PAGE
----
Fighting in Damascus belies Syrian government's claim of control

Syrian government troops and rebel forces clashed in the most violence Damascus has seen in the year-old uprising.

Bassem Tellawi/AP
Syrian security officers investigate a damaged building near the aviation intelligence department, which was attacked by one of two explosions, in Damascus, Syria, on March 17. Twin bombings struck government targets in the Syrian capital early Saturday, killing security forces and civilians, according to state-run television.

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Fighting erupted between Syria’s opposition forces and government troops in the capital today. Witnesses reported hearing heavy machine gun fire and rocket-propelled grenades as the rebel Free Syria Army clashed with government troops.  

The fighting reportedly took place in Mezzeh, a neighborhood that is home to a number of government security facilities, United Nations headquarters, and foreign embassies. Many government loyalists also live in the area.

Monday’s violence is the most fighting seen in Damascus since the Syrian uprising began a year ago. The clashes stand in stark opposition to claims by the Syrian government that they are in control of the capital.

“This means that the regime does not have full control of the [Mezze] area,” said Lena, a spokeswoman for the Revolution Leadership Council in Damascus, in a Skype interview with the Guardian. “It was [said] that the Free Syrian Army was carrying out a mission there, but we still don't know. We haven't heard anything from their part yet. But it seems that there might have been a defection in a building there – the political intelligence department.”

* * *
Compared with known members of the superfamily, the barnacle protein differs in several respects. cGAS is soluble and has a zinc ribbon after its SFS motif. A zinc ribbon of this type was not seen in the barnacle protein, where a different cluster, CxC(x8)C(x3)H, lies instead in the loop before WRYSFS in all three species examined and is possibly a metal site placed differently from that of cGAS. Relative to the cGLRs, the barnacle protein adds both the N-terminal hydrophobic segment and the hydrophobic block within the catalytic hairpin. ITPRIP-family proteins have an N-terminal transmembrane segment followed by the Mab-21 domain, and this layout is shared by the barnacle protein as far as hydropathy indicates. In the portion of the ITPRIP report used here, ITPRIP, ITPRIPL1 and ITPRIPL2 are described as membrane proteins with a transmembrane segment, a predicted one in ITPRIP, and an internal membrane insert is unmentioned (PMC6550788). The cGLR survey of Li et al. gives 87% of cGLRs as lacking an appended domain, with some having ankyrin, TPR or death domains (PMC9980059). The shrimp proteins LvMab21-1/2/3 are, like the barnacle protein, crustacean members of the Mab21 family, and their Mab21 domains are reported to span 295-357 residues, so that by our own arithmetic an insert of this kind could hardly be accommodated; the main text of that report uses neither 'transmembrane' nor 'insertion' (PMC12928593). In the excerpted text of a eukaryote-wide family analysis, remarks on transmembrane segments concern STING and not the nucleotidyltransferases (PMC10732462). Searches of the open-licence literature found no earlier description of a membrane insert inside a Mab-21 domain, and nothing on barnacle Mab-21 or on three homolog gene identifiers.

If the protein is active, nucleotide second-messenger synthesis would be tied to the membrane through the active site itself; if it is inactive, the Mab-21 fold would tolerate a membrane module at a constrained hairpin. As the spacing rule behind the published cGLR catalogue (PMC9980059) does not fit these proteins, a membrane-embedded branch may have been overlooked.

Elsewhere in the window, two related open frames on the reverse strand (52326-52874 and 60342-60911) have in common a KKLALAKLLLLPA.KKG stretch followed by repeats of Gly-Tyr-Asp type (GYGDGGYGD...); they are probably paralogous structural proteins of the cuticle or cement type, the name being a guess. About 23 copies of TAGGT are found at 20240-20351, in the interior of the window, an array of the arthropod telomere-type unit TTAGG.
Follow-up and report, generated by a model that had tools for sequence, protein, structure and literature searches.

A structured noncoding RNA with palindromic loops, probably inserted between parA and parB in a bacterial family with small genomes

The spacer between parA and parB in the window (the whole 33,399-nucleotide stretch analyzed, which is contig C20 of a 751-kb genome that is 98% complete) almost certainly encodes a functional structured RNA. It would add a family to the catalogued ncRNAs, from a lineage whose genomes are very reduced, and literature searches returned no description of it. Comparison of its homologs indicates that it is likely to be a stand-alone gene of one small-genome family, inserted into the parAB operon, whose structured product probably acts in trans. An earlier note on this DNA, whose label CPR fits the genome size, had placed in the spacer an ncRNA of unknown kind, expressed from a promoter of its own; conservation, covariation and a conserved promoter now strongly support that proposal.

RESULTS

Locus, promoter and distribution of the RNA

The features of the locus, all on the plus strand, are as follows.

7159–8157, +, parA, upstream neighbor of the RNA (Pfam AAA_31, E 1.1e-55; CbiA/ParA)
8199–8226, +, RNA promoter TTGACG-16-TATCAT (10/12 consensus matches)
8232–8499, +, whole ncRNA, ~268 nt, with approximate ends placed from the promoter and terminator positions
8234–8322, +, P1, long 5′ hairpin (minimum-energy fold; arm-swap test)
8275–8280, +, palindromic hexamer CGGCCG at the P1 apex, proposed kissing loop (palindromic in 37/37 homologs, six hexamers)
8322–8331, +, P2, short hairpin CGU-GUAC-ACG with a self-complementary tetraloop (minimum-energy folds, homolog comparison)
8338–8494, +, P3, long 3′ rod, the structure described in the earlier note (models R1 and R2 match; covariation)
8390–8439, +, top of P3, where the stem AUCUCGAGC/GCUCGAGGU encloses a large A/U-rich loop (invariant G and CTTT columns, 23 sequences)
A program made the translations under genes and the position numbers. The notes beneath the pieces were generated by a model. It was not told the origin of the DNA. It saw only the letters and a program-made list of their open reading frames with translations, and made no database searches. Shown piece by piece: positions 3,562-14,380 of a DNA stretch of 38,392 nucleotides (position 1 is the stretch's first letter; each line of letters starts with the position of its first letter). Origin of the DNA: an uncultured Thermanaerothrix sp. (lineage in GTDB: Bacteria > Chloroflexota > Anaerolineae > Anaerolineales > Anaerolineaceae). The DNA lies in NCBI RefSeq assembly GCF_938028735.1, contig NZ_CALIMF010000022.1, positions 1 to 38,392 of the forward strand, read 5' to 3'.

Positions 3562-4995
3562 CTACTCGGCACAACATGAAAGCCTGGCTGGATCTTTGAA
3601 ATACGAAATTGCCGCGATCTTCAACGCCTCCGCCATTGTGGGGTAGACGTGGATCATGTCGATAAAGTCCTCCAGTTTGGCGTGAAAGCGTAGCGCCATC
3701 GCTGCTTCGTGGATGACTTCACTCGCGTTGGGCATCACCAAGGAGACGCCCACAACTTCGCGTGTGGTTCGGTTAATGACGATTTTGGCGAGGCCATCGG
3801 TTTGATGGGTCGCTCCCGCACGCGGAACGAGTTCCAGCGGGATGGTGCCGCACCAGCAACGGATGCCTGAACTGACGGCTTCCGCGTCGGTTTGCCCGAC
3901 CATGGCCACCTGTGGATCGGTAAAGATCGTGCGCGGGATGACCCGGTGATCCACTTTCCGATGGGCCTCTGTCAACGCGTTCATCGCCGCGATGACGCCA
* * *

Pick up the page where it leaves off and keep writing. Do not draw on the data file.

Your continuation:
Al-Arabiya has reported that more than 200 Syrian government soldiers defected in the Damascus suburbs.

Fighting has also continued in other regions of the country as well. On Saturday, a car bomb detonated in Aleppo, Syria’s second biggest city, killing three people. In Damascus, a mourning ceremony for the victims of car bombings on Saturday turned into an anti-government demonstration and state security forces broke up protests by some 200 mourners, reports Al Jazeera. Coming a day later, the fighting has shaken government assertions that Damascus is still under government authority.

“This is taking place as the government claims they have control over the capital,” said Al Jazeera’s Rula Amin. “Mezzeh is not geographically located at the heart of the capital but it's a very important neighborhood. It is heavily guarded.”

Rebels also reported gains against government forces in eastern Syria. The Local Coordination Committees of Syria, an opposition activist network, said that Free Syria Army fighters had successfully battled the government forces who had been shelling them in Deir Ezzor, reports CNN.

As violence drags on in Syria with no immediate end in sight, there are mounting concerns that without a solution the situation will have regional and global impacts. Bordering Turkey, Iraq, Jordan, Israel, and Lebanon, the Arab nation occupies a strategically vital area of the Middle East. Syria’s various sectarian groups could also create problems and have already put regional powers at odds, the Los Angeles Times reports.

“Syria is unique because it is linked to so many players,” Rami G. Khouri, an expert at the American University of Beirut, told the L.A. Times. “You have an internal conflict in Syria. But you also have a regional conflict and a global one. It exists at all three levels.”

At least 8,000 people have died during the Syrian uprising over the past year, the longest and bloodiest Arab Spring revolt, reports the BBC

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